by Cristiano Sacchi
GAUSS is a C++ class library designed to meet the needs of CAD applications that make use of geometric entities such as solids, surfaces and curves.
The KAEMaRT Group at ITIA-CNR has been working in the CAD field for more than 15 years; during this period we have developed several software prototypes capable of handling increasingly complex geometric entities. Five years ago, we began working on the development of a highly sophisticated geometric modeling kernel to be used by several applications. The two main goals of this project (named GAUSS) were:
In order to create the best development environment possible, we decided to follow the object-oriented paradigm and to use C++ as the implementation language. Several modules have been developed so far.
BGL (Basic Geometry Library)
We decided to have each basic geometric element represented in parametric form. The whole system therefore refers to a geometry library (BGL) that handles all the basic entities (i.e., parametric curves and surfaces). Since we did not believe that a unique representation could solve all the cases, BGL implements a parametric evaluator. In other words, each specific surface (curve) class is a subclass of the generic one. Different parametric mappings differ in operators, and not only in representation; we have therefore implemented a rich set of operators for each kind of mapping. The many surface types in BGL include: plane, cylinder, sphere, cone, ruled surface, revolution surface, offset surface and NURBS. We implemented quite a large number of specific operators for NURBS (interpolation of points and curves, knot insertion, degree elevation, free form deformation, etc.) because we feel it provides a very effective representation for free form shapes.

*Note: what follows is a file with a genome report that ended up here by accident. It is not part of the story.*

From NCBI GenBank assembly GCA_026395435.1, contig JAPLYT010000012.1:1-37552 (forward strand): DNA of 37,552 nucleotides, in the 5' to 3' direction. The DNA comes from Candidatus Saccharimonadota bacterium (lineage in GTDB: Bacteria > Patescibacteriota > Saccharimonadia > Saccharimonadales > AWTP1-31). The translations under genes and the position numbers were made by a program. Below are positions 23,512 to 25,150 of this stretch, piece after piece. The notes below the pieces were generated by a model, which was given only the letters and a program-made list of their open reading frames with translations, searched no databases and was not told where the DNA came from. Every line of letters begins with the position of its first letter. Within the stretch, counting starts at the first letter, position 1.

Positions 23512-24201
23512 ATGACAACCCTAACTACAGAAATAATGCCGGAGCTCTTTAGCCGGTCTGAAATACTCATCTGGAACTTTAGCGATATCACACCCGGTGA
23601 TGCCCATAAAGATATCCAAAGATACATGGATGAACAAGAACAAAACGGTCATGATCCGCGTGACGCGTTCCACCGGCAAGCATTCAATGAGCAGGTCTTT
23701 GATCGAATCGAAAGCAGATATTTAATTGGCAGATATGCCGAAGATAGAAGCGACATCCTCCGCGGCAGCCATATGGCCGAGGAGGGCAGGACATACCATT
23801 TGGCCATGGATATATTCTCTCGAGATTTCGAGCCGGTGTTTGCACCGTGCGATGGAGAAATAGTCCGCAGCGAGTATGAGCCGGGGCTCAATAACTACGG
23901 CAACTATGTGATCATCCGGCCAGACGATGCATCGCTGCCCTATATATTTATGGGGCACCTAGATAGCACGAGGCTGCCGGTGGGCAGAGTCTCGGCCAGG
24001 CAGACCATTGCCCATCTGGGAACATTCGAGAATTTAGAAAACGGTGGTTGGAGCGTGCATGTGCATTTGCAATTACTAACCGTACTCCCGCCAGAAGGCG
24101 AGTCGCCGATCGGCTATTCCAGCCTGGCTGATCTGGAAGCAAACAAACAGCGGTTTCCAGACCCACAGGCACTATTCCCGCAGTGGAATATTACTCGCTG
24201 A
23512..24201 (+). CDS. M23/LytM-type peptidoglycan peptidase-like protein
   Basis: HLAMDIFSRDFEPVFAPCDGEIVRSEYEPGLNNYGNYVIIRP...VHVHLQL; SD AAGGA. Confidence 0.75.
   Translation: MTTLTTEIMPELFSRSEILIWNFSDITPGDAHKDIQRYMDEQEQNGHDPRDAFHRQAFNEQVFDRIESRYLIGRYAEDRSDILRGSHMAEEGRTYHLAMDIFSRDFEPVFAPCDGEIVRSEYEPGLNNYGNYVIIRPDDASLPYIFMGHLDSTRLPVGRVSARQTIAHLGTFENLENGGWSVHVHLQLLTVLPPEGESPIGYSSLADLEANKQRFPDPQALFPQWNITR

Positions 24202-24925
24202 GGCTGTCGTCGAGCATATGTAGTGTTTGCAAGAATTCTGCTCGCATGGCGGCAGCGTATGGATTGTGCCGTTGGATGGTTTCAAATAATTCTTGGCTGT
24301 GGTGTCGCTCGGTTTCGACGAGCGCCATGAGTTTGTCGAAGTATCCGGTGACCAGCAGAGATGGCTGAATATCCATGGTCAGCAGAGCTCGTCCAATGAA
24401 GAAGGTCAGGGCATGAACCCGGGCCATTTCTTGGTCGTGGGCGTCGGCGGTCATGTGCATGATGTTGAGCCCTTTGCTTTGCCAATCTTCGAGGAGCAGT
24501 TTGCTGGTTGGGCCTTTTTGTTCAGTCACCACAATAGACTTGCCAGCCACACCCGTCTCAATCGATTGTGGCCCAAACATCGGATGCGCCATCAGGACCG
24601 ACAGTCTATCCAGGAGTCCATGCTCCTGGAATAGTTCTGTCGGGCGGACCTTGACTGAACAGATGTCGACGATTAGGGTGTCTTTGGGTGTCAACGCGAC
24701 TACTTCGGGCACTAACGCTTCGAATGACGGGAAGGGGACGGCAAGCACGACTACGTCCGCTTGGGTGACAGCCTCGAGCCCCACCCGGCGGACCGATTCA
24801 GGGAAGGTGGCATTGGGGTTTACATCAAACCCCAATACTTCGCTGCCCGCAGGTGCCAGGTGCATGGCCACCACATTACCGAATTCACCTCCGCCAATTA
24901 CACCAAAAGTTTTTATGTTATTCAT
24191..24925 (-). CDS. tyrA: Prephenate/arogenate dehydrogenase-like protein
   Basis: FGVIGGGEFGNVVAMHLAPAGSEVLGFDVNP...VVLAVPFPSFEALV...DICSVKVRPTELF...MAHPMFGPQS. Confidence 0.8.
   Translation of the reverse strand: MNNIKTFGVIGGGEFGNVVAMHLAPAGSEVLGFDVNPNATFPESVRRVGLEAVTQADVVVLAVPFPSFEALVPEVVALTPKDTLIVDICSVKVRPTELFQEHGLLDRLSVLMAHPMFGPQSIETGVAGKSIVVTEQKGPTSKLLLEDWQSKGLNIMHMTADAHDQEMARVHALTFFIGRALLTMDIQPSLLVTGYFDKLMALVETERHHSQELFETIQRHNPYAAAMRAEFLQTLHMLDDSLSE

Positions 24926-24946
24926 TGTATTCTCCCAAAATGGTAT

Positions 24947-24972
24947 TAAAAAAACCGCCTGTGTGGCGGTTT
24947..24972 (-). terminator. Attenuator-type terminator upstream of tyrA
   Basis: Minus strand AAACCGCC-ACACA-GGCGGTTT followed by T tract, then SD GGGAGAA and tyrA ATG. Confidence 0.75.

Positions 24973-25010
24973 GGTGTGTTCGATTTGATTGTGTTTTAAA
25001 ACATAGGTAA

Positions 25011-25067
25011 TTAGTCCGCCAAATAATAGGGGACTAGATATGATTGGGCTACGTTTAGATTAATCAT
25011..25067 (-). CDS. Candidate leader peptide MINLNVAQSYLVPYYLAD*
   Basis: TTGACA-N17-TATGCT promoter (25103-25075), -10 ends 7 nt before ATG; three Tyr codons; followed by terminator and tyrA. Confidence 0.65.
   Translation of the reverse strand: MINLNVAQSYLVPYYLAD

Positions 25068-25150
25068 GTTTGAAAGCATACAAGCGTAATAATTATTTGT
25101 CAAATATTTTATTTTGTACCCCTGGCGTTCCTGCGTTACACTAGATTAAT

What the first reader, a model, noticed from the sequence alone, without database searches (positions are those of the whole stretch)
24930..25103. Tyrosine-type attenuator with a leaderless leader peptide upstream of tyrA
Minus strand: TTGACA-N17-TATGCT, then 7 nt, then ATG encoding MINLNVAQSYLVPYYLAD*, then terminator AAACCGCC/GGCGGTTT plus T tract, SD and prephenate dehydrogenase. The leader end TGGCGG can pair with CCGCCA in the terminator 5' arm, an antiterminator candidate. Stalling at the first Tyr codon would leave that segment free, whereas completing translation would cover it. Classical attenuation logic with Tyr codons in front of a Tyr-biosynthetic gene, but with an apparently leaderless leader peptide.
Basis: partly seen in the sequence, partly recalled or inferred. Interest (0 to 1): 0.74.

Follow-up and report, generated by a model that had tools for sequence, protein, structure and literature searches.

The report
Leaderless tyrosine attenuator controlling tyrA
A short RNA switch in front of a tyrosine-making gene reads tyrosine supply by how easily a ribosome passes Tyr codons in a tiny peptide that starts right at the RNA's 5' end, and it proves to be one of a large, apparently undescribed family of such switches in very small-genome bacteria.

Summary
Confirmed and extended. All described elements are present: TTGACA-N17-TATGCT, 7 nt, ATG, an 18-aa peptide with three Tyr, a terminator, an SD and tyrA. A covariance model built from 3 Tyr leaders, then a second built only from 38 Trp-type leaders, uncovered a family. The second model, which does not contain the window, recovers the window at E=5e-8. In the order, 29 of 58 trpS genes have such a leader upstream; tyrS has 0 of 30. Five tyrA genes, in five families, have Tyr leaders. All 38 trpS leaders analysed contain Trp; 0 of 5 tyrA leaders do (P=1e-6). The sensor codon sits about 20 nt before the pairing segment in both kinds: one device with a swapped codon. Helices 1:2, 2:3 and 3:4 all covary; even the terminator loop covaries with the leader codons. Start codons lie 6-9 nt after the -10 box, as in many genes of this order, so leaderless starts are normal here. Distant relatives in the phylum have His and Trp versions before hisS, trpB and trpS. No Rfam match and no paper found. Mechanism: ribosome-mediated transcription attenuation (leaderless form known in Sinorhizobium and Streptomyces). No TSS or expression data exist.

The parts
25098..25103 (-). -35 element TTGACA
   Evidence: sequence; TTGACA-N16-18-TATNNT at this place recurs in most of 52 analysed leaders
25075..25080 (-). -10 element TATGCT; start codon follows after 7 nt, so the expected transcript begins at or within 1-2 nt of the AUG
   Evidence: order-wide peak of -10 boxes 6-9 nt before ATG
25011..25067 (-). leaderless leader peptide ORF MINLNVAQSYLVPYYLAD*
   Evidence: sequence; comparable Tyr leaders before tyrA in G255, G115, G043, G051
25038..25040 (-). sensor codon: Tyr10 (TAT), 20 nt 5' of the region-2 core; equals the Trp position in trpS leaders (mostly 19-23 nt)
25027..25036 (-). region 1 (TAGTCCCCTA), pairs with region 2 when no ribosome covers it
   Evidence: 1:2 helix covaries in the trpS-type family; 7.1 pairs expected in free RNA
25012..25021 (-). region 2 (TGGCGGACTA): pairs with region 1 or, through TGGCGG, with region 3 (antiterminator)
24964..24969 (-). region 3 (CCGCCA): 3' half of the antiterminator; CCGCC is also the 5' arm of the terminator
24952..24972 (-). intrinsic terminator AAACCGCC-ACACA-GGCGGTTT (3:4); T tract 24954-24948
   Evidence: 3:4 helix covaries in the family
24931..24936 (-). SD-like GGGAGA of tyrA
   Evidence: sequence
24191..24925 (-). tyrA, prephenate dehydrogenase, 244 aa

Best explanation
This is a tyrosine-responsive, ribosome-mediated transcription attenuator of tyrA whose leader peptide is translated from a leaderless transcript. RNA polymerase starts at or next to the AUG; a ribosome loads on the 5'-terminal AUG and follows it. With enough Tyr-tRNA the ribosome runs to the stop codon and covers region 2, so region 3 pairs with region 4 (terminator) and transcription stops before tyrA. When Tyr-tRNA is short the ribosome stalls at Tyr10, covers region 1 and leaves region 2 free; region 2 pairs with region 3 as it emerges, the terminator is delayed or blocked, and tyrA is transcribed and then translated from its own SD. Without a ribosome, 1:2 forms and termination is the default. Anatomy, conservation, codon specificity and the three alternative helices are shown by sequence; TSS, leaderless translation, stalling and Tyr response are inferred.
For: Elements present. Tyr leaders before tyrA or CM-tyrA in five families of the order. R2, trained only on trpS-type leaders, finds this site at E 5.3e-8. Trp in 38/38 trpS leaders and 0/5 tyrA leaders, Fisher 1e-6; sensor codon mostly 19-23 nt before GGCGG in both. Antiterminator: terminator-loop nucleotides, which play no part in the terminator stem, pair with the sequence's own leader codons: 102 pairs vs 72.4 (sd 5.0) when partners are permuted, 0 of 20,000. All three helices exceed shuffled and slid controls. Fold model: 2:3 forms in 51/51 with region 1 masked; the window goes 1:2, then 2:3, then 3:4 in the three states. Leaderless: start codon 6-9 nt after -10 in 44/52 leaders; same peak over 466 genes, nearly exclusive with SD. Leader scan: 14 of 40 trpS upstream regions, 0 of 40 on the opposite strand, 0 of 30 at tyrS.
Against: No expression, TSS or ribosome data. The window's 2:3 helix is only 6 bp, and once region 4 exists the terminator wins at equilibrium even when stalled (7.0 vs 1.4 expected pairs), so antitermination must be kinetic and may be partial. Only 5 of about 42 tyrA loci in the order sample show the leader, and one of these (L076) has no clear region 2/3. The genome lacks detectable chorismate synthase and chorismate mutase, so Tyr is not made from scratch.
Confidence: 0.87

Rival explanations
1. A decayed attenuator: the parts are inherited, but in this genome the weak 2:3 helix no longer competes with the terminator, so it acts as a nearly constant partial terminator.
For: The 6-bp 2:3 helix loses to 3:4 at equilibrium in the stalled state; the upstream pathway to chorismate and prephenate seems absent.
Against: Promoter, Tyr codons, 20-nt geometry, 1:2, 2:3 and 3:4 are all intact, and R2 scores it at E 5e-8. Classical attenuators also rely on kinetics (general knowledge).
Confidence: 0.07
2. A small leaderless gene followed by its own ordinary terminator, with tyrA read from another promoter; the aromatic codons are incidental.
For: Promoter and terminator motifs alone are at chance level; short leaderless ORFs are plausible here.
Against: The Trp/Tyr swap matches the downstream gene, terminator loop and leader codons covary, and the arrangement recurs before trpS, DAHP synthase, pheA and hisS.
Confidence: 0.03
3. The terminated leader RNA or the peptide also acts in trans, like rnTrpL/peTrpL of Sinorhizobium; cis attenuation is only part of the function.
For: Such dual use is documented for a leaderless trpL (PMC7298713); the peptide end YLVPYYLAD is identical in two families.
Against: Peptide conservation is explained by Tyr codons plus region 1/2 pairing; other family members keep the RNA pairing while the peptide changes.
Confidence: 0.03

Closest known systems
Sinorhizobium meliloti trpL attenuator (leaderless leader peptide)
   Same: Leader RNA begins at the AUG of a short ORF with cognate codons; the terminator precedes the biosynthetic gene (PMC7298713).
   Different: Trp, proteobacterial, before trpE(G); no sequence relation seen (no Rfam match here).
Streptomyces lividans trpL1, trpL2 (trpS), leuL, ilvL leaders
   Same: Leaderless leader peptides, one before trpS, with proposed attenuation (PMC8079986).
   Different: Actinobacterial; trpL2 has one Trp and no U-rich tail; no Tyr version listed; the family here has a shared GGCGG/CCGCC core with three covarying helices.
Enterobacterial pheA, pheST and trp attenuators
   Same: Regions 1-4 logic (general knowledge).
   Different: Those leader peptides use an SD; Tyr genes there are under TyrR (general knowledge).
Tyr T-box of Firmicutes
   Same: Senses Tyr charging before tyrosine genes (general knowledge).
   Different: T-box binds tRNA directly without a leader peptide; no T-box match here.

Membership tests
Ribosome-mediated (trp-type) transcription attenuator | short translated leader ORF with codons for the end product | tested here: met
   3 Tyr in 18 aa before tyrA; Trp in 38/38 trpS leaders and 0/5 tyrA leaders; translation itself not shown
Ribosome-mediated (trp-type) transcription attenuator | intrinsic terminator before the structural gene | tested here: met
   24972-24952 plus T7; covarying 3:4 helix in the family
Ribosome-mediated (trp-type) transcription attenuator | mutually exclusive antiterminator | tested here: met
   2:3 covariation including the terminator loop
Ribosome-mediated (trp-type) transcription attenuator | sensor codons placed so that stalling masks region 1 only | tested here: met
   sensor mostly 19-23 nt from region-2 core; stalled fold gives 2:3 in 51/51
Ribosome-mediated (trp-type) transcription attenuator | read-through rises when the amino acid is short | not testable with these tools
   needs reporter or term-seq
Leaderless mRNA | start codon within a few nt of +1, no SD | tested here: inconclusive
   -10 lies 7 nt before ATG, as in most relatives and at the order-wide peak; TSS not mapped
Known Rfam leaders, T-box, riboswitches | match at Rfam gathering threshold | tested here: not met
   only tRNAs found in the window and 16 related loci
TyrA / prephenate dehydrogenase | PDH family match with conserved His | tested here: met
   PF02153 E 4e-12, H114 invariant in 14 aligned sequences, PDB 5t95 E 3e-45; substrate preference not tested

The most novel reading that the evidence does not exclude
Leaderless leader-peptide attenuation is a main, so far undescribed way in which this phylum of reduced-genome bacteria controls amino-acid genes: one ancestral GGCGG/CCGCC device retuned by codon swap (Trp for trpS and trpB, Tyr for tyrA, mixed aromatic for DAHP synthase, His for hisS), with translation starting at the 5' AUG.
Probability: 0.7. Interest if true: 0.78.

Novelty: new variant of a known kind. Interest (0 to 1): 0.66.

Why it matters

Several high level operators are based on the intersection of basic geometric entities. We thus developed several intersection algorithms allowing the intersection of any combination of curves and surfaces. In order to obtain a good trade off between speed and reliability, we selected different algorithms depending on the kind of entities to be intersected. The intersection between pairs of curves and between a curve and a surface is computed using the loop detection approach; the intersection between two surfaces follows the adaptive subdivision approach.
In order to be able to handle curves, surfaces and solids in a unique framework, we developed a mixed dimensional topological representation. The GAUSS representation scheme can describe geometric objects composed by any combination of points, curves, surfaces and solids.
Since our representation scheme describes the geometric model without approximation, we developed a discretization module that converts the model into a set of connected triangles. The user of this functionality can specify the tolerance of the triangulation in order to have a discretization that meets the required precision.
Results and Future Research
GAUSS is still under development but several positive results have already been obtained. Its flexibility, along with the increasing robustness and the range of functionalities offered, makes it highly suitable as a workbench for geometric management. We are currently using it in several research projects, for example in the modeling of fabrics and of mannequins, in surface reconstruction for mechanical reverse engineering, and in finite element modeling for elastodynamic wave propagation in solids.
The development of GAUSS will follow several directions. We are now working on implementing the following new modules:
return to the contents page